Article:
Mark Driscoll is one of the 50 most influential pastors in America, and the founder of Mars Hill Church in Seattle (www.marshillchurch.org), the Paradox Theater, and the Acts 29 Network which has planted scores of churches. Mark is the author of The Radical Reformission: Reaching Out Without Selling Out. He speaks extensively around the country, has lectured at a number of seminaries, and has had wide media exposure ranging from NPR’s All Things Considered to the 700 Club, and from Leadership Journal to Mother Jones magazine. He’s a staff religion writer for the Seattle Times. Along with his wife and children, Mark lives in Seattle.

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Product Details

  • Paperback: 208 pages
  • Publisher: Zondervan; Revised edition (April 1, 2006)
  • Language: English
  • ISBN-10: 0310270162
  • ISBN-13: 978-0310270164
  • Product Dimensions: 5.2 x 0.5 x 8 inches
  • Shipping Weight: 7.2 ounces (View shipping rates and policies)
  • Average Customer Review: 4.4 out of 5 stars  See all reviews (84 customer reviews)
  • Amazon Best Sellers Rank: #234,825 in Books (See Top 100 in Books)

Customer Reviews

Top Customer Reviews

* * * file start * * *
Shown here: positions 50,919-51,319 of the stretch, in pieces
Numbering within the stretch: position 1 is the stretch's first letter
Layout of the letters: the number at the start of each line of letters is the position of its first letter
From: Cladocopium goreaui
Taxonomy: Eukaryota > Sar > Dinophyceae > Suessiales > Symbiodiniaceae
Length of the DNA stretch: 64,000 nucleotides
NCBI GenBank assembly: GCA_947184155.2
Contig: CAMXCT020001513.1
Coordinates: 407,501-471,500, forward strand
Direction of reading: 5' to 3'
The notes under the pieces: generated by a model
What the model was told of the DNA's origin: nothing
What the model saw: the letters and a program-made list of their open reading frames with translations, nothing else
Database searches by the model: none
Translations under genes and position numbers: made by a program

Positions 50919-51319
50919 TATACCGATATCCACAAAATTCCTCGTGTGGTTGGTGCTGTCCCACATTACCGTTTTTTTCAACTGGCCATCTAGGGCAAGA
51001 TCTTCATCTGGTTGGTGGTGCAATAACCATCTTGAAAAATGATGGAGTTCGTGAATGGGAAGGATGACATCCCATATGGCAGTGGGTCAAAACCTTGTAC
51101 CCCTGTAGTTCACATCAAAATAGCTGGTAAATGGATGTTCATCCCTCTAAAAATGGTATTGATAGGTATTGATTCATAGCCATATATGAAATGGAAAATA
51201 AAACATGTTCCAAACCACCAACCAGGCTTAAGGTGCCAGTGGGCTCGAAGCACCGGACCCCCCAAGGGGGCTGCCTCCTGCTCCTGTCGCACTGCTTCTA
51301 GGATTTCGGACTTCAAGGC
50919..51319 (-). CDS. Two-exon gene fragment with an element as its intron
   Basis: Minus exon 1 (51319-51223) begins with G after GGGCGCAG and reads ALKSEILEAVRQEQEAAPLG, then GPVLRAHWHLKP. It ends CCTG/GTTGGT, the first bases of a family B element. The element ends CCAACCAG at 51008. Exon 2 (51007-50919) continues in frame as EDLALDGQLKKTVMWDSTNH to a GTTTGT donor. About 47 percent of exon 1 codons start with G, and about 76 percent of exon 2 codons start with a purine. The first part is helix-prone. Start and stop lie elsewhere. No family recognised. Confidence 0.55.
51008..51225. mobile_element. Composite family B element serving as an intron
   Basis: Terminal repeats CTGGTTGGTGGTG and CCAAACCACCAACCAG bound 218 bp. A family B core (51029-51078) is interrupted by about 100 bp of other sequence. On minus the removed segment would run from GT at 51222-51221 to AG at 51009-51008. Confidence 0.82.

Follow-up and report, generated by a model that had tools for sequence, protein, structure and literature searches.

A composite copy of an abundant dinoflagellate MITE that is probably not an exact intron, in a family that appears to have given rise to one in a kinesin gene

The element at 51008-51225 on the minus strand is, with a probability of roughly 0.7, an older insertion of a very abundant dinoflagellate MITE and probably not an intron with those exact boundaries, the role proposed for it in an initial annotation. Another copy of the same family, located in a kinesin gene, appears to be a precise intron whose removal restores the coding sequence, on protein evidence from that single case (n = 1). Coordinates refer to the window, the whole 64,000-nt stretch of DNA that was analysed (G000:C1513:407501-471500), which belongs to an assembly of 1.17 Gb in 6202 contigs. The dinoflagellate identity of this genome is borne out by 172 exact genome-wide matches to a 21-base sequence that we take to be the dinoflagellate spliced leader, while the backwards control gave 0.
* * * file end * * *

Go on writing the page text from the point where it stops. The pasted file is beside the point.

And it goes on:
By Nicola Gibson on October 14, 2006
Format: Paperback Verified Purchase
I have read a thousand or two pages of "how to do church" books. I pastor at a church of about 900, and so it's par for the course. Most of them bore me these days. This one I read in three sittings.

There will be considerable criticism of this book. Mark didn't say what he was supposed to. He is pretty clear about what he thinks of Brian McLaren, the public pope of the Emergent church; and it isn't complimentary. He recommends both pragmatic evangelicals like Hybels and Warren and yet he affirms the work of their firm critics like Mark Dever and D.A Carson's work in his footnotes (a both-and I both agree with and am impressed with). He thinks masculinity should have content beyond plumbing, and even dares to refer to Grudem and Piper's book on the subject. That alone can get you stripped and beaten in some very loving evangelical circles.